A Magazine by the Society of Professional Journalists


By Quill

Pentagon criticizes NBC war coverage

The story that became a world exclusive for NBC’s Jim Miklaszewski in early November turned into a question of ethics posed by the Pentagon at journalists.

Miklaszewski was the only television reporter able to show early television footage of a devastating attack on the al-Rashid, a Baghdad hotel where Deputy Defense Secretary Paul Wolfowitz was staying. After U.S. officials tried unsuccessfully to block Miklaszewski and his cameraman from filming the scene, they framed the issue by focusing on the NBC journalists’ human decency.

“Instead of rendering or summoning aid, they focused on gathering video footage of people in agonizingly painful situations … in order to boost the ratings,” said Gary Thatcher, communications chief for the U.S. occupation authority, as reported in The Washington Post.

Miklaszewski defended his position to the newspaper: “Frankly, we had a job to do – cover the attack on the al-Rashid Hotel as best we could. Our impression was that this was an attempt to censor the news. This event shot holes in the administration’s insistence that everything was going well in Baghdad.”

Reporter apologizes for plagiarism

New York Times correspondent Bernard Weintraub apologized for lifting a paragraph from another source in his Nov. 11 bylined story about Hollywood private investigator Anthony Pellicano titled “Talk of Wiretaps Rattles Hollywood.”

“What can I tell you?” Weintraub said to Slate.com columnist Jack Shafer in a brief telephone interview. “I screwed up. … I’m sorry.”

The passage in question deals with an account about Pellicano’s role in the disappearance and recovery of Mike Todd’s remains from a Chicago cemetery. Todd was Elizabeth Taylor’s third husband.

While Weintraub confesses to having plagiarized the passage, identifying the precise party’s work he lifted isn’t easy. Times Editor Paul Fishleder believes the text was pulled from a Web page about Pellicano at Lukeford.net. The Times ran an Editor’s Note about the plagiarized paragraph soon after the piece ran. Weintraub, meanwhile, offers no excuses for the incident, saying it happened “through carelessness on my part. It was stupidity,” Shafer wrote.

Pulitzer not revoked after investigation

The 72-year-old Pulitzer Prize awarded to a New York Times reporter accused of deliberately ignoring a state-imposed famine in the Ukraine to gain greater access to Russian ruler Josef Stalin will not be revoked despite recommendations to the contrary, the Pulitzer Board decided in November.

Times reporter Walter Duranty’s work on a series about Russia had been recommended for review by a Pulitzer subcommittee. “The board determined that there was not clear and convincing evidence of deliberate deception, the relevant standard in this case,” Pulitzer administrator Sig Gissler said in a statement issued Nov. 21, as reported by The Associated Press.

The review was requested due to complaints that Duranty’s work intentionally made no mention of the 1932-1933 forced famine on the Ukraine that killed about 7 million people. Ukrainians around the world had complained to the Pulitzer committee.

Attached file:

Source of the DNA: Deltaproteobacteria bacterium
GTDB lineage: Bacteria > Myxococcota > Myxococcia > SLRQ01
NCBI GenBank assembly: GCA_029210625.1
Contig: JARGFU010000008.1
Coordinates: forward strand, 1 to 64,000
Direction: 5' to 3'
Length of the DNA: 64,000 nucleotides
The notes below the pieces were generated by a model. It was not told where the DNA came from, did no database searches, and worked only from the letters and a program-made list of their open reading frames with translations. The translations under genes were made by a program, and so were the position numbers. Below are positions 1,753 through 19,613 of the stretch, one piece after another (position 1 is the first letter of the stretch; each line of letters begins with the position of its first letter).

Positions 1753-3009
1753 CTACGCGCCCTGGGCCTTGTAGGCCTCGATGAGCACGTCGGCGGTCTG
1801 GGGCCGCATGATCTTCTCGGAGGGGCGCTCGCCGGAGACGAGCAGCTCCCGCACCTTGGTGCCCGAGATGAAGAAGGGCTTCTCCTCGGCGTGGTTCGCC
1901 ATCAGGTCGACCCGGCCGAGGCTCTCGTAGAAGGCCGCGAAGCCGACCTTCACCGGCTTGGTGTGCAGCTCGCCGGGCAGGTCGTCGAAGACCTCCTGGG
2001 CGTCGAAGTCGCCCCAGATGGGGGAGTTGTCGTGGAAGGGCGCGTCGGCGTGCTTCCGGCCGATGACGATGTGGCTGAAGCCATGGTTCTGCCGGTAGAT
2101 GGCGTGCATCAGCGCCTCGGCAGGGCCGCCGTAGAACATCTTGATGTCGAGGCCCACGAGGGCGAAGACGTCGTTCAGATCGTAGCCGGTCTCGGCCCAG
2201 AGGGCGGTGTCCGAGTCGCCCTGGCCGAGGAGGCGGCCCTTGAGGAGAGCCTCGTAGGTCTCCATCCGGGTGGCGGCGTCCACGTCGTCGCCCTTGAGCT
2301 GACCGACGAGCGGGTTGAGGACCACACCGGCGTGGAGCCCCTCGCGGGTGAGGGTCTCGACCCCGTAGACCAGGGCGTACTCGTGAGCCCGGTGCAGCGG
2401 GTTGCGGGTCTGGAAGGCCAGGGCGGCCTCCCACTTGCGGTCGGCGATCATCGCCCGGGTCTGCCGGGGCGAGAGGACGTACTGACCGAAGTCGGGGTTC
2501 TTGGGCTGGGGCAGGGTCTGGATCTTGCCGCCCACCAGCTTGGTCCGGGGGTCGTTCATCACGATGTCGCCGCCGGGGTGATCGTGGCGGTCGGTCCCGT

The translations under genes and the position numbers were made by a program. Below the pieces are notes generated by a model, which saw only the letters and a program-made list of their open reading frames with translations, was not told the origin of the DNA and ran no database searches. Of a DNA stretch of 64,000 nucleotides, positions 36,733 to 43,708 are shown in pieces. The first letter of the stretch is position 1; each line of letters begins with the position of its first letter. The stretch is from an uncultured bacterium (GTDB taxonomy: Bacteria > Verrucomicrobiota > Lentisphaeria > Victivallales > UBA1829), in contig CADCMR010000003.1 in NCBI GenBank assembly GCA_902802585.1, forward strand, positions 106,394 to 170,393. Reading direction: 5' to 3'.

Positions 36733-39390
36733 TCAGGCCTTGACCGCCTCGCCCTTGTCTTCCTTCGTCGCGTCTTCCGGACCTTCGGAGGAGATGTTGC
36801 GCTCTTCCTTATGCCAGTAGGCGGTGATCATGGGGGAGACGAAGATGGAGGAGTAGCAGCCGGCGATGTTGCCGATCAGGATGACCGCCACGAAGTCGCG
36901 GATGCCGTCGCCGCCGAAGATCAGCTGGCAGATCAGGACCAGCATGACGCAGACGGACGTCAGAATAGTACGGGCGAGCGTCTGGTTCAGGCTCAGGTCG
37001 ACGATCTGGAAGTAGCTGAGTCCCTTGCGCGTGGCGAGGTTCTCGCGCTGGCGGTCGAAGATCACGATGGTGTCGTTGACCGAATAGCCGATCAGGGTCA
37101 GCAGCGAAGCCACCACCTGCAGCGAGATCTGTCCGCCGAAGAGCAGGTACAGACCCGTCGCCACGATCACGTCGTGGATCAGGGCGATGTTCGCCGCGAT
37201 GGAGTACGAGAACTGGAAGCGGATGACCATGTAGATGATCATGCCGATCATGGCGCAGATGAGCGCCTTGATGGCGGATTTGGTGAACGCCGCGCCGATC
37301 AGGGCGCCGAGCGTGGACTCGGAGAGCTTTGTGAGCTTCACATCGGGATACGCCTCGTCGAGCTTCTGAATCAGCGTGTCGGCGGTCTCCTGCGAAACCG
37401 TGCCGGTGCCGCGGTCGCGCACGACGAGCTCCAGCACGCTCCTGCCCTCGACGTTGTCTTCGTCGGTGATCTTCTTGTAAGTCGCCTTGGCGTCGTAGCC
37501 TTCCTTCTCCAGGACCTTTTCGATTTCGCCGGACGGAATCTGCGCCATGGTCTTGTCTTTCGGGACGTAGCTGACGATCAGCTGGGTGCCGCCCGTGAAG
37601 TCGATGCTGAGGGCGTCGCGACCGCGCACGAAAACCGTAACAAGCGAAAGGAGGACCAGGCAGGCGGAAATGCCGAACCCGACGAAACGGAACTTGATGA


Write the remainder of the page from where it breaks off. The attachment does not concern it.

The statement Gissler issued, however, pointed out that the award was given for 13 articles written and published before the famine.

Duranty, who covered the Soviet Union from 1922 to 1941, was eventually exposed in the 1990 book “Stalin’s Apologist” for reporting the Communist line rather than actual facts, the AP wrote.

CNN asks: Mac or PC?

CNN, which advertises itself as a world leader in serious news, found itself caught in an ethical flap in November.

A Brown University student wrote in the school’s college newspaper online forum Nov. 10 that CNN planted a question about computer preferences at a debate of Democratic presidential candidates earlier that month, the Los Angeles Times reported.

At the debate, which was cosponsored by the Rock the Vote organization, Brown student Alexandra Trustman said that CNN producers called her the morning of the debate and gave her the question: “‘Do you prefer PC or Mac format for computers?’”

CNN officials later apologized for fixing the question.

Stations defend ‘pay for play’ policies

Media organizations, politicians and others criticized television stations accused of selling on-air features.

The general manager of WLBT in Jackson, Miss., Dan Modisett, defended his station’s practice of selling the features. Critics of the spots, including U.S. Sen. John McCain, R-Ariz., “have absolutely no idea what they’re talking about,” Modisett told the Clarion Ledger newspaper, saying the station was perfectly “ethical” in its practices.

Once every two weeks, WLBT runs paid-for informational segments during the “Midday Mississippi” program, which follows the noon newscast. Modisett told the Clarion Ledger that the talk show, which is hosted by news team members, offers features and informational programming that a regular newscast cannot.

McCain cited both the Jackson station and WFLA in Tampa, Fla., and wondered whether an FCC probe may be necessary to review their practices. The Washington Post first reported on the “pay for play” policy of the two stations last fall.

“Daytime,” WFLA’s morning lifestyle and entertainment program, sometimes asks guests to pay $2,500 to appear in a spot on the show, according to the Tampa Tribune, which works in the same building the WFLA program is shot in.

Media groups, including the Society of Professional Journalists, criticized the “pay for play” and reminded news outlets to maintain a clear separation between news and advertising/business.

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